X Services sector

•        Services sector is a fast-growing, employment–oriented, attracting FDI with vast-export potential. The outlook for the services sector which had dimmed due to the fallout of the sub-prime crisis in the US and the global financial crisis has once again brightened.

•        India with a services sector share of 52 percent in national GDP in 2009 and 55.2 percent in 2009-10 compares well even with the developed countries in the top 12 countries with the highest overall GDP. In 2009-10, services growth was 10.1 percent and in 2010-11 (based on estimates) it was 9.6 percent.

•        Among various services in this sector, financing, insurance, real estate, and business services; and trade, hotels and restaurants are the largest groups accounting for 16.7 percent and 16.3 percent respectively of the national GDP in 2009-10. The community, social, and personal services category accounts for a 14.4 percent share in GDP, while transport, storage, and communication accounts for a 7.8 percent share in GDP. Construction, which is a borderline services inclusion, has a share of 8.2 percent in GDP.

•        Key challenges in this sector are to retain India’s competitiveness in those sectors where it has already made a mark such as IT & ITeS and Telecommunications, making inroads into traditional areas such as tourism and shipping and making forays into globally traded services such as financial services, health care, education, accountancy, and other business services.

XI Energy, Infrastructure and Communications

•        In the Eleventh Five Year Plan has the estimates of total investment in infrastructure were revised to INR 20,542 billion which is likely to enhance by 2.47 percent of the GDP as compared to the Tenth Plan.

•        The performance of core industries and infrastructure services has been mixed, with sectors like telecommunications, crude oil production and civil aviation sectors doing remarkably well whereas sectors like power, road and railway performing at less than target levels.

•        To accelerate the development of power sector , reforms in 3 directions are proposed viz. Strengthening the regulation, improving distribution and opening bulk supply to completion and revising tariff to more economic levels

•        During 2010-11, production of crude oil is estimated at 37.96 million metric tonne (MMT), i.e., 12.67 percent higher than preceding year. Freight loading on Indian railway increased by 3.31 percent to 593.43 MT. The achievement under various phases of NHDP was upto 1,007 km in April-November 2010.

•        The telecommunications sector has done exceedingly well as the tele density has increased from 20.74 percent in 2004 to 143.95 percent in 2010 in urban areas. Similarly, the aviation sector witnessed strong recovery registering a growth rate of 19 and 30 percent in domestic passenger and cargo respectively.

•        To accelerate the pace of infrastructure development, an enhanced investment amounting to INR 40,992 billion will be needed in the next twelfth plan (2012-17)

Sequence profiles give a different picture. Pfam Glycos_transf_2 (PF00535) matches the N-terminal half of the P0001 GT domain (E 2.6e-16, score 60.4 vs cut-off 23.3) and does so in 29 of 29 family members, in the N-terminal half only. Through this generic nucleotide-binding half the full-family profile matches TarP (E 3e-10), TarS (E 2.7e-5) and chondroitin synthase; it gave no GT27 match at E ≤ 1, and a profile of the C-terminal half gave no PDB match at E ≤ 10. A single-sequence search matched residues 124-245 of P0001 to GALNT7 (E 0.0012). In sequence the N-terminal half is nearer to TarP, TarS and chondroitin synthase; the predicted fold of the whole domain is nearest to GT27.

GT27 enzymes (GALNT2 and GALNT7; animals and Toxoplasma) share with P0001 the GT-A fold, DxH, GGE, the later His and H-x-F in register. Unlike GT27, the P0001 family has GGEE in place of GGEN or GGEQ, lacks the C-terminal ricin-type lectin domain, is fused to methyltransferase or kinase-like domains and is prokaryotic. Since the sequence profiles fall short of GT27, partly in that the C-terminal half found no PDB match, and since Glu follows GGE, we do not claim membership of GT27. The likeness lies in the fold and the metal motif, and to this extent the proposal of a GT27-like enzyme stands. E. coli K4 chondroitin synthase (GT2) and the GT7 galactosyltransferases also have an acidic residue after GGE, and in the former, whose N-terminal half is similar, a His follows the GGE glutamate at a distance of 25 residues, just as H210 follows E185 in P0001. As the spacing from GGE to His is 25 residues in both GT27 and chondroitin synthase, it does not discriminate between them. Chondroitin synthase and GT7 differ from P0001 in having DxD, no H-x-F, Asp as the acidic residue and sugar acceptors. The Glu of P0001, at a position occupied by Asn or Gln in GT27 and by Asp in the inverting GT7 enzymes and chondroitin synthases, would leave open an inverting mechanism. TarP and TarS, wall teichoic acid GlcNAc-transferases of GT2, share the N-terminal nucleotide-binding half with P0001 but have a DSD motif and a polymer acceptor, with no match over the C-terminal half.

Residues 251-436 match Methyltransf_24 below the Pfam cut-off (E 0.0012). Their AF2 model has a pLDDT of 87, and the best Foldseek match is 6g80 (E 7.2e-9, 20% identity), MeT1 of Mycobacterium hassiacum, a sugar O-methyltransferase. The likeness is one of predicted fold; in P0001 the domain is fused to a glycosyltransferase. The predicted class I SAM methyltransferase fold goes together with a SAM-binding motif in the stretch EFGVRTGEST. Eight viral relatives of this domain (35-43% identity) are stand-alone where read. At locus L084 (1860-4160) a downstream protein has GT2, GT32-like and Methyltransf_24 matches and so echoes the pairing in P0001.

•        The key challenges apart from financing infrastructure projects also includes unavailability of skilled labourers, land acquisition delays, clearance hurdles etc.

XII Human Development, Equity and Environment

•        As per the Human Development Report (HDR) 2010, published by  United Nations Development Programme (UNDP), the human development index (HDI) for India was 0.519 in 2010 placing it at an overall rank of 119 out of 169 countries in comparison to a rank of 134 out of 182 countries as reported in HDR 2009.

•        The Central Government outlay on social services and rural development has consistently increased from 13.75 percent in 2005- 06 to 19.27 percent in 2010-11 in areas such as Rural Development, Education, Labour and Employment etc.

•        A major financial inclusion initiative “Swabhimaan” was launched on 10 February 2011 aimed at providing branchless banking through the use of technology to the socially excluded like SCs, STs, OBCs and disabled.

•        Phase II of Unique Identification Authority of India (UIDAI) – “Aadhaar’ programme was commenced in July 2010 for enrolling 100 million residents through multiple registers and for setting up of other infrastructural requirements. The scheme was introduced in 2009 for facilitating financial inclusion and ensuring better governance and improved service delivery of the Government programmes.

•        The Government recognizing the importance of factoring ecological concerns into the development process has taken a number of initiatives including the notification of Wetlands (Conservation and Management) Rules 2010 for prevention of further degradation of wetlands.

•        The Government of India and World Bank signed a loan agreement for the implementation of an Integrated Coastal Zone Management Project, to be implemented at a cost of INR 11.56 billion with World Bank’s contribution at 77.7 percent, Govt of India’s at 15.4 percent and the States at 6.9 percent.

•        The Government’s focus would be on introduction of reforms in the education system and health sector. There is also an increasing realization of the importance of climate related issues in a more inclusive growth strategy.

•        Special focus given by Government of India for the social and economic upliftment of the north – east region through improving financial inclusion.

•        A better convergence of the different government schemes to address the issues of unemployment and poverty alleviation could avoid duplication and leakages

•        A call for reforms in the university and higher education and correcting the demand supply mismatch in the job market has been made in the report. The gap in resources for higher education may be met on the basis of public private partnership without diluting the regulatory oversight of the Government.

Summing Up

Recovering from the global slowdown, the Indian Economy is geared up to achieve the GDP growth rate of 9 percent for 2011-12 on the basis of positive momentum in savings, investment rate and increasing investment in infrastructure. However, there is a soaring task in front of the Government to overcome from the crisis of elevated inflation rate on account of higher food, crude oil prices and poor implementation of the policy measures. The Finance Minister would thus need to strike a balancing act in insulating the aam aadmi from the higher inflation and at the same time keep the momentum going for the successful Indian growth story ahead.

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September 2021